If you became a runner in the last 25 years, you joined a sport with a hyperbolic rise in popularity. So much growth across the running industry has led to advances in gear, scientific study, number of events, and diversity of participants.
In the recent study and report 2016 State of the Sport — US Road Race Trends, the United States experienced almost 4 times the number of participants in running road races until 2013. The percentage of women competing in these events rose from 25% of the field in 1990 to over 57% in 2013 and every year since.
In order to accommodate this increased interest in running, the number of races offered nationwide rose to over 30,000 races in 2013, with an increased occurrence in women’s specific or themed events.
The industry has seen a slight decline since 2013, and events like Obstacle Course Races saw the biggest hit in registration numbers. From 2014 to 2015, 2,300 more races were added nationwide, but the number of participants in each race distance declined.
Here are a few of the stats I found interesting:
- Half of the finishers in this running boom fall between the ages of 25-44.
- Women account for 57% of all finishers
- In 2010, women took over as the majority demographic.
- The number of female finishers increase by 6 times between 1990 and 2013.
So why was there such a dramatic uptick in female runners and triathletes? Early in the 21st century, women’s specific events were introduced, including Susan G Komen Race for the Cure and the Danskin Women’s Triathlon Series. These events inspired women to take their fitness into their own hands in a non-competitive, supportive environment. Nothing against the guys, but women felt the need to feel comfortable when trying something so new and challenging. By making these events for women only, they could enjoy the experience as they entered into these endurance sports.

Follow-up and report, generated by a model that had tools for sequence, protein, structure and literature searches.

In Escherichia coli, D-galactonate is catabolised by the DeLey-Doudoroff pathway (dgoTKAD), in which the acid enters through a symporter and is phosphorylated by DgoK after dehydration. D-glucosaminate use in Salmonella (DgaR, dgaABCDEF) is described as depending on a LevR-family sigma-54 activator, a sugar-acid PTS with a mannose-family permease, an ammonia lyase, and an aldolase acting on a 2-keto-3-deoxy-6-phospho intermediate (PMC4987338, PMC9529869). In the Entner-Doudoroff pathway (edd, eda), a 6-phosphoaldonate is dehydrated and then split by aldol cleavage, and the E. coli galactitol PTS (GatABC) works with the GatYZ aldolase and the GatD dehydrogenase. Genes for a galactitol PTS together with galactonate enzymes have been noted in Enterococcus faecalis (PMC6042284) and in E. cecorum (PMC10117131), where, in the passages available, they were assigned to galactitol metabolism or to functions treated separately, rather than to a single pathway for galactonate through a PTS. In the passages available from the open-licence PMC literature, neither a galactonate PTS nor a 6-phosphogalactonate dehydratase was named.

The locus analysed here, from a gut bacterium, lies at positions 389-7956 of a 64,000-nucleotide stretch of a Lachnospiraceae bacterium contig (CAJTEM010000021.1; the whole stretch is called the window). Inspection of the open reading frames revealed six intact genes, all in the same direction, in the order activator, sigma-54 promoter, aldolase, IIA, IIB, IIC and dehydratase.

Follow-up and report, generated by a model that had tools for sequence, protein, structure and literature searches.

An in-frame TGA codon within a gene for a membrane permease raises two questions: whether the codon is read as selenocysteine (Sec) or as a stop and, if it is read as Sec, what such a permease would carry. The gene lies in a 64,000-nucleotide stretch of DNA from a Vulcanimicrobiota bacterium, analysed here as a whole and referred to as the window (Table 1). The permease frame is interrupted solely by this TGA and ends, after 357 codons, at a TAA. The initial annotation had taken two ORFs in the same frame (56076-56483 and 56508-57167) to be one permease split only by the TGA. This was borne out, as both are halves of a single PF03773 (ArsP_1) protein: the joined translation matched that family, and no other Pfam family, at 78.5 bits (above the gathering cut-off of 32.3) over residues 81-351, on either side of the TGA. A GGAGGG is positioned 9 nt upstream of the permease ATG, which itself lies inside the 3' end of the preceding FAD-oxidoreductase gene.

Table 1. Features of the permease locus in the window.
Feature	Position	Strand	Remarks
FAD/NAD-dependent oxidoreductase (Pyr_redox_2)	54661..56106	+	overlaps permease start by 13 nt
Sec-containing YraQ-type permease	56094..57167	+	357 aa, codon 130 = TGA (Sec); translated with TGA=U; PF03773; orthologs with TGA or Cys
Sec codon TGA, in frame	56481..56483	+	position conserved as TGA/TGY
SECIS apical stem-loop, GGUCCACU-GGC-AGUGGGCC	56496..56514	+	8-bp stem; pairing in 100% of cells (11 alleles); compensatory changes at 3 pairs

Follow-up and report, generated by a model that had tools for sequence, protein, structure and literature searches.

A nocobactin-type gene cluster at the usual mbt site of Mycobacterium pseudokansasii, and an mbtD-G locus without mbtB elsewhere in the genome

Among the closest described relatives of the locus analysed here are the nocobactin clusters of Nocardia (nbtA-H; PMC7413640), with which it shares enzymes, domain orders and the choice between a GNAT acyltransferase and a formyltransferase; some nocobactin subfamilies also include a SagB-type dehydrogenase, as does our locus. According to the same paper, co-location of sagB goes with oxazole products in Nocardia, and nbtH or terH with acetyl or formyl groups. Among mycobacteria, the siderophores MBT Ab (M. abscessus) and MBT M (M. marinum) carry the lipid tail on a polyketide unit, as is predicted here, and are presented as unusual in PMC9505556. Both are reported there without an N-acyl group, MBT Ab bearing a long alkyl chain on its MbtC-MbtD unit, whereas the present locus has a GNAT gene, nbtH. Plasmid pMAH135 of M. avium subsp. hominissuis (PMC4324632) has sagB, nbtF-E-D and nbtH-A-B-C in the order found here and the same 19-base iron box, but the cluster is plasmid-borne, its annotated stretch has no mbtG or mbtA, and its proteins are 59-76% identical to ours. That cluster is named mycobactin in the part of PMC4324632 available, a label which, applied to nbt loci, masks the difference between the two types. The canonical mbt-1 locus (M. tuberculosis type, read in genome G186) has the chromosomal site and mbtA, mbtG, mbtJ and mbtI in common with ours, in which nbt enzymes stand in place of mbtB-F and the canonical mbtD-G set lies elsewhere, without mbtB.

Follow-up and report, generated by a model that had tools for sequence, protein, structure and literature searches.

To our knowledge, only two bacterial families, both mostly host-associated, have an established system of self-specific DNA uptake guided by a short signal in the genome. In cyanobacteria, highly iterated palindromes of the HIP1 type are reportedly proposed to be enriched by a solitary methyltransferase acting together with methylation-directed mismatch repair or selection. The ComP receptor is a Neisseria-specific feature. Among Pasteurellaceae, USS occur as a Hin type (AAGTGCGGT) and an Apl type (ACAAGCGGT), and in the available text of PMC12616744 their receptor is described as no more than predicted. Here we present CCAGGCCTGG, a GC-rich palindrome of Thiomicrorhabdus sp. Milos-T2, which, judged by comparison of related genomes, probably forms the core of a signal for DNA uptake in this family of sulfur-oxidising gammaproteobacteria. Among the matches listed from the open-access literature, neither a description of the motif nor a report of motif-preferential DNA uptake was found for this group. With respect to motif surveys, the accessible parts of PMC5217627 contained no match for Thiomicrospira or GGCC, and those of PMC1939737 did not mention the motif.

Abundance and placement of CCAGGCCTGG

Race for the Cure offered a charitable cause that affects many of us and the added benefit of fitness for hundreds of thousands of women gave us a place to start that fitness journey. While men are encouraged to participate, a vast majority of the field is female.
The Danskin Women’s Triathlon, then later IronGirl inspired women to give multi-sport races a go. Co-ed triathlons can be challenging and intimidating for the novice female athlete, so Ironman Champion Sally Edwards helped create the Danskin Series. Although this series no longer exists, 250,000 women crossed the finish line at 130 events nationwide.
Women have found their sweet spot in the half-marathon, and this shows in the greater number of women to men in the 13.1. Men still dominate the marathon in numbers.
While the running boom may be on the decline in recent years, I do not believe this is the end of running. Race organizers and participants will re-adjust to the changing landscape, and we will continue running for the love of the sport.
But what do you think about the decline of running? Please leave your thoughts in the comments, and thanks for stopping by!